“Egyptians below the national poverty line increased from 27.8% in 2015 to 32.5% in the fiscal year 2017-2018 while the World Bank estimates 60% of the population was already under the poverty line or vulnerable to poverty at the time. The economic impact of COVID-19 could push even more Egyptians into poverty as many were already vulnerable.”

In previous crises, like the 2008 financial crisis and the 2011 revolution that deposed former president Hosni Mubarak, the informal sector “stepped in to fill existing gaps” explains Nagla Rizk, professor of Economics at the American University in Cairo and Founding Director of Access to Knowledge for Development Center (A2K4D).

“In 2008 and 2011, the informal sector offered work for those laid off from the formal sector and fulfilled immediate needs of customers and businesses. It kept the whole of Egypt afloat,” she adds.

“1.6 million new employees joined the informal sector,” in that time period of 2008 – 2011 adds Dahshan. That surge is indicative of the government and private sector’s weakened ability to create jobs, which inevitably adds pressure on existing informal workers who are “already operating under difficult conditions.”

But this time with COVID-19, it’s different.

“The hit from COVID-19, [in] the informal sector is unable to fulfill its important role,” says Rizk.

The impact on tourism set in motion a domino effect, spreading to the Suez Canal, to closure of businesses, along with informal transactions such as handicrafts, bazars, and the like, she adds.

In addition to tourism, school closures cut the need for the informal neighbourhood corner stationary shops and the lockdown eliminated the need for parking attendants, a necessity in the streets of Cairo and Alexandria. “Needless to say, informal workers in formal businesses were the first to be laid off” adds Rizk.

Could local tourism be a solution?

It certainly offers “a breath of fresh air to the entire sector” says Dahshan. “I remember how the entire industry’s hopes turned to local tourism after the 1997 attacks on tourists in Luxor, which brought international tourism to a grinding halt. But it will be difficult to rely on it in this case.”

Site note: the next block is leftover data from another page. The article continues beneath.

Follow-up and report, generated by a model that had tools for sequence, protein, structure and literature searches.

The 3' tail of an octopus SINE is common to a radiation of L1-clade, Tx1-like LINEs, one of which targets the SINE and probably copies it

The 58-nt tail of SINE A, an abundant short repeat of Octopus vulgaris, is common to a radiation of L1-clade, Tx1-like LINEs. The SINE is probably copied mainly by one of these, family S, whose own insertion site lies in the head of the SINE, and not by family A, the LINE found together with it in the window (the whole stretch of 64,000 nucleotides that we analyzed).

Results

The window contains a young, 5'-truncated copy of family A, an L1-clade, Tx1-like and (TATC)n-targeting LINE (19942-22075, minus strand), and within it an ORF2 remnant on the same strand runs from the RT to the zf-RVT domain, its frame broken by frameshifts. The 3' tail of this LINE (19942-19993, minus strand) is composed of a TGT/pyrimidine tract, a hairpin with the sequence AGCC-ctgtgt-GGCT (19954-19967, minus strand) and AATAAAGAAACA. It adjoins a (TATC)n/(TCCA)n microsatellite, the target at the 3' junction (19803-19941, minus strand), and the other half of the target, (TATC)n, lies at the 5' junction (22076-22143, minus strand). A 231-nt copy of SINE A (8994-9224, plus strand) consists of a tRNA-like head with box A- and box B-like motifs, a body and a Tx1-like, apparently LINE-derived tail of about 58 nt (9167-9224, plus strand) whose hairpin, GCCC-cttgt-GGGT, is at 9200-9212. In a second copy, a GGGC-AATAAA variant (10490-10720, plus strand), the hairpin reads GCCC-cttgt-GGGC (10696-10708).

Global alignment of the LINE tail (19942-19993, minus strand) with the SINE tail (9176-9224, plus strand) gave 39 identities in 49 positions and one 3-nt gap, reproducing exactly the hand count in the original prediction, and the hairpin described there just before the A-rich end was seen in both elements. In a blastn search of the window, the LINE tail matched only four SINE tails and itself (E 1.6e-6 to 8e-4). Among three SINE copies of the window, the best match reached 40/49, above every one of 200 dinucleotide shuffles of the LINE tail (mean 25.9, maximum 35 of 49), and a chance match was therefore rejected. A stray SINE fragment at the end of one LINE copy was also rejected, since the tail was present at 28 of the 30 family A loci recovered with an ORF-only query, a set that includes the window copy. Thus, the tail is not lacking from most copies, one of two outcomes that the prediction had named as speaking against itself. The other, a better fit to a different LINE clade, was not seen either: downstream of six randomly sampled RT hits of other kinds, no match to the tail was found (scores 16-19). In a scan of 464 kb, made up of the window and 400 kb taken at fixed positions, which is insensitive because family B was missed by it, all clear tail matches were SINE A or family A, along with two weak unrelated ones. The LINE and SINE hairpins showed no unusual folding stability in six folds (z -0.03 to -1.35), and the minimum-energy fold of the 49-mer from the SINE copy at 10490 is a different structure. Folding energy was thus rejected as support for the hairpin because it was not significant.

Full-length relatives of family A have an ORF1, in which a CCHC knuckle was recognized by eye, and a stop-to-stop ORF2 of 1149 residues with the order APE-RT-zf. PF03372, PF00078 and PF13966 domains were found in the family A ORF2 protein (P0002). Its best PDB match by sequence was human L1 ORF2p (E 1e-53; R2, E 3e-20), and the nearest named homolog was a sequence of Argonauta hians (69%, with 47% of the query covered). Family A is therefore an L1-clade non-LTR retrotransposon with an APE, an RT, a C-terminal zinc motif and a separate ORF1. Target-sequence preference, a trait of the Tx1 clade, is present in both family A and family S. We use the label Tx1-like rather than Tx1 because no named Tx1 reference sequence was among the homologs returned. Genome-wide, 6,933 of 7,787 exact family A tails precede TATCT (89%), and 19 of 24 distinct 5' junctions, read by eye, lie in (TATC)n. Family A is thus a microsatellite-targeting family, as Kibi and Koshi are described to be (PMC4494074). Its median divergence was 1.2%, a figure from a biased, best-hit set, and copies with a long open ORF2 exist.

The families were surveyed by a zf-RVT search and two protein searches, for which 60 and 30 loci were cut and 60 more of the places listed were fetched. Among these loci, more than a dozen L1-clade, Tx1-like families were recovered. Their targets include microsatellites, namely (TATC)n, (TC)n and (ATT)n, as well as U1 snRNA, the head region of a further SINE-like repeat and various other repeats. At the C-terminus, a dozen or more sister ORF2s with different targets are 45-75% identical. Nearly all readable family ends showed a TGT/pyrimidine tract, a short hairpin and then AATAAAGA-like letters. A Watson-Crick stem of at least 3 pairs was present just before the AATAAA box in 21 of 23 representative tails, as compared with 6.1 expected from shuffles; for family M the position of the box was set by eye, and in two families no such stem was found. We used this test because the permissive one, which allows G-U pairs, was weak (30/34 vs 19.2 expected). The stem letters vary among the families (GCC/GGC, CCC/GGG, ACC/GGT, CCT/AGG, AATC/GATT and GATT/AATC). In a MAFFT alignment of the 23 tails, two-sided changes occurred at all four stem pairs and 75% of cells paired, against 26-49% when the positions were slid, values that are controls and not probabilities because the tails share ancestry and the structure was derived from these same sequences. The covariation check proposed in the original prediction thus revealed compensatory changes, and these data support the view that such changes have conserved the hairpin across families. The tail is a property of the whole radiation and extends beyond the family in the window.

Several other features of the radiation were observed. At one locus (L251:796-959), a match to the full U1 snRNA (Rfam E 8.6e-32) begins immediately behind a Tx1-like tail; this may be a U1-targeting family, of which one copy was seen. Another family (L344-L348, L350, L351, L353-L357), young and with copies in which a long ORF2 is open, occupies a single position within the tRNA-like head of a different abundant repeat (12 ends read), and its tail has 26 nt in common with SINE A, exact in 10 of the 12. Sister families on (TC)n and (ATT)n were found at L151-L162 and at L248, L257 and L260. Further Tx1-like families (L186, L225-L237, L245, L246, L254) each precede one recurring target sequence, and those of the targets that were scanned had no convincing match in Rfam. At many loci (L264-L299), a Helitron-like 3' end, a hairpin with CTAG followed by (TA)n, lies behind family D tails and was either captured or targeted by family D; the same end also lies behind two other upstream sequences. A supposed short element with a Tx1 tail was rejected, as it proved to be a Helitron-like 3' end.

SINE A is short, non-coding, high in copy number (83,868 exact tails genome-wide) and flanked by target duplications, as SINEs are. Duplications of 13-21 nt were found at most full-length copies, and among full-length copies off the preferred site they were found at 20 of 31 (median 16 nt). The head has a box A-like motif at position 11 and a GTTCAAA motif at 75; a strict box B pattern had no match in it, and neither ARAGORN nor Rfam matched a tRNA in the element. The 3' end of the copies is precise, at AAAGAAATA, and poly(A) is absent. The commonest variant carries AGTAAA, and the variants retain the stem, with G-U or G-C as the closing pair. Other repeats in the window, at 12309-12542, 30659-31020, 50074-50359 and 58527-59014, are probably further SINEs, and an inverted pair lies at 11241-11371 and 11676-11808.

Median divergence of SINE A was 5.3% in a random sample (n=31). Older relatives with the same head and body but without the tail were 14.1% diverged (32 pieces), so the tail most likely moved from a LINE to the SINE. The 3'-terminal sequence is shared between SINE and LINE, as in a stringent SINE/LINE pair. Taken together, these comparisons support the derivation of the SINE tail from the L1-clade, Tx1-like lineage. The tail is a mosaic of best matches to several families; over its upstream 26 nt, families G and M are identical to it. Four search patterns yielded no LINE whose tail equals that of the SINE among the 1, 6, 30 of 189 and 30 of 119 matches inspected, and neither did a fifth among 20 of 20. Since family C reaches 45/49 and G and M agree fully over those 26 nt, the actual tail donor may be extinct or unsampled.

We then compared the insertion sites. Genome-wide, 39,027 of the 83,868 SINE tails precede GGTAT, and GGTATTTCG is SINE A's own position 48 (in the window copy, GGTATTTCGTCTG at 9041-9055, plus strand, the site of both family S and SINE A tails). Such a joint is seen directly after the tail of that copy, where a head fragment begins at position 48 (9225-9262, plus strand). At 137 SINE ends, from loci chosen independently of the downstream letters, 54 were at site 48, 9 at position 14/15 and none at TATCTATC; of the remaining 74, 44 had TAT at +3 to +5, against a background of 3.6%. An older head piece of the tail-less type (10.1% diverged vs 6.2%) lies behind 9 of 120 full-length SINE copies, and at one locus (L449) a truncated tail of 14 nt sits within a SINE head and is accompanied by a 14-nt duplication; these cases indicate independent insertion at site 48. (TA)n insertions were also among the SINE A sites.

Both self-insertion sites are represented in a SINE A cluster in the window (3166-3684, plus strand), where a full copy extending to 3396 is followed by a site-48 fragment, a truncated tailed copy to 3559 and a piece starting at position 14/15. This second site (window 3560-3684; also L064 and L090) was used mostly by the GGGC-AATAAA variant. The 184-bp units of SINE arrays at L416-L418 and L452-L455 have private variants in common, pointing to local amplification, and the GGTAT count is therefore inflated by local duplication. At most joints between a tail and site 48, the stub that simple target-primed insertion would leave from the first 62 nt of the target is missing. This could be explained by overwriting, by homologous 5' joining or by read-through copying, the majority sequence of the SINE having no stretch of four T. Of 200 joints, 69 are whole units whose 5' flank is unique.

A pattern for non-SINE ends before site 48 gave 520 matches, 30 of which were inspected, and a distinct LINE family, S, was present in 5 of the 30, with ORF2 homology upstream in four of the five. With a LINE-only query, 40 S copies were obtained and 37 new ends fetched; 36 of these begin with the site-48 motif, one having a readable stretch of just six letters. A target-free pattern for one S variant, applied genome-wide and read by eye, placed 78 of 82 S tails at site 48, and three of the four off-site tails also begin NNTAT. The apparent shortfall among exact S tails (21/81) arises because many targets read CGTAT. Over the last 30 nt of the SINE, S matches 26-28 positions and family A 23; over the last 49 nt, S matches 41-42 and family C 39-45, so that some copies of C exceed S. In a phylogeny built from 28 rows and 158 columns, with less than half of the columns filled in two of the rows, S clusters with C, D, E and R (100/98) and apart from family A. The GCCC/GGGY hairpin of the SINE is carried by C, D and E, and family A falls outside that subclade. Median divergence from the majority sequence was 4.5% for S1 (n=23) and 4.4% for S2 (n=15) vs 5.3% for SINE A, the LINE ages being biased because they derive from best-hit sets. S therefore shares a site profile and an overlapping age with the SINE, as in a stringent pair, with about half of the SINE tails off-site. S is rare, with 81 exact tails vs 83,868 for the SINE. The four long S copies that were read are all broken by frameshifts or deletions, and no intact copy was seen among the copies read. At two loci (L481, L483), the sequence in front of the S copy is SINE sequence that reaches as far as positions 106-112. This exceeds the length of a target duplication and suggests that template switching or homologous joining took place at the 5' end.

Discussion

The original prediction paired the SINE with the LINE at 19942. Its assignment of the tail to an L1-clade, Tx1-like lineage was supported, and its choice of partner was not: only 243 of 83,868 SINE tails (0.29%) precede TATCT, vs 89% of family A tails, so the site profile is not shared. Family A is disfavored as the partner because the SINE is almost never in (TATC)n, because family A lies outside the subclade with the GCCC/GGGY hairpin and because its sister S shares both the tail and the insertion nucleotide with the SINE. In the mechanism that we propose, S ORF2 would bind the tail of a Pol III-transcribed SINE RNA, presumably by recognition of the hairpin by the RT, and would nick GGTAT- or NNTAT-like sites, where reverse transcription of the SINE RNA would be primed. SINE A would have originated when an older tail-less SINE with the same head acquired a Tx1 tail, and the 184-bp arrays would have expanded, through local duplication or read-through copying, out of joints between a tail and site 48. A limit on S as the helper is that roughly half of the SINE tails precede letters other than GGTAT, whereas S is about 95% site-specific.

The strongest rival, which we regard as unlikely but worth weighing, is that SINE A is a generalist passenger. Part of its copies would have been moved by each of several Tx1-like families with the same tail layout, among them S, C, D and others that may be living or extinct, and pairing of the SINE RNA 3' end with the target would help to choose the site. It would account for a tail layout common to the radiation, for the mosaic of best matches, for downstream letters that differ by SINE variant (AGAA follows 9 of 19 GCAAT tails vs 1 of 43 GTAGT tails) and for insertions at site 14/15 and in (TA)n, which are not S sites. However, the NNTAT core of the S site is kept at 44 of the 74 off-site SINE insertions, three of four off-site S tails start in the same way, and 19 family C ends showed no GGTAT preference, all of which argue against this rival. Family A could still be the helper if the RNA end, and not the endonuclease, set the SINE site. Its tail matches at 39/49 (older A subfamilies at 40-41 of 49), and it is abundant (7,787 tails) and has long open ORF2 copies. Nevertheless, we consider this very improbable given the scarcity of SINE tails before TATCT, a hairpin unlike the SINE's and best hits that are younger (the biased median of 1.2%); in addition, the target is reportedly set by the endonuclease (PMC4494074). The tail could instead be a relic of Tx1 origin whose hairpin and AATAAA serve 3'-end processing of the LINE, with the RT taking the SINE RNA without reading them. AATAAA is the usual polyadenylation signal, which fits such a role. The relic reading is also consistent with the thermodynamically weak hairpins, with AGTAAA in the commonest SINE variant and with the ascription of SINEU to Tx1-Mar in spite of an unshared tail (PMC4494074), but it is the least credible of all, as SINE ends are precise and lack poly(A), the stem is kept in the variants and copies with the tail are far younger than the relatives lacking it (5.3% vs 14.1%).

Tourism revenues alone accounted for 16% of the total current receipts in the 2018-2019 fiscal year, the third highest in fact after remittances and non-oil exports says Wes. That means domestic tourism can “and should play a crucial role in the recovery of the sector, especially for restaurants, recreational activities and hotels,” she adds.

But while it may ease some of the pain the tourism sector as a whole is going through, it’s not a lasting solution. “Domestic tourism is not a source of foreign income for the country and can only act as an important complement, rather than a substitute to international tourism,”  says Wes.

Recovery loans

Egypt has confirmed recovery loans from both the World Bank and the International Monetary Fund.

On 17 March, the World Bank and IFC’s Boards of Directors approved a $14bn package of fast-tracking financing to respond quickly to the rapid spread of COVID-19 and its impact confirms Wes.

Egypt also qualified for $50m funding, under the Fast Track Facility based on its criteria of population size.

Wes notes there are three areas that the government can make good use of these loans to vulnerable informal workers:

  • Further expanding the coverage and improving the targeting of social protection programmes.
  • Cutting bureaucracy and automating government services to alleviate administrative, financial and logistical burden for individuals and businesses.
  • Enhances fiscal transparency including the comprehensive reporting of the various on-budget and extra-budget spending, in order to track and monitor the wider public spending.

Additionally, the government could start considering debt-relief assistance to informal firms “through buying-out Microfinance institutions (MFIs) debt or provide subsidy to the MFI’s to extend the debt-payment period until the economic disruptions are reduced or removed.

Glimmer of silver lining in all this? Perhaps “the pandemic could also be an opportunity for the government “to engage in necessary reforms,” says Wes.

Click here for part 1

Click here for part 2

Click here for part 3

Click here for part 4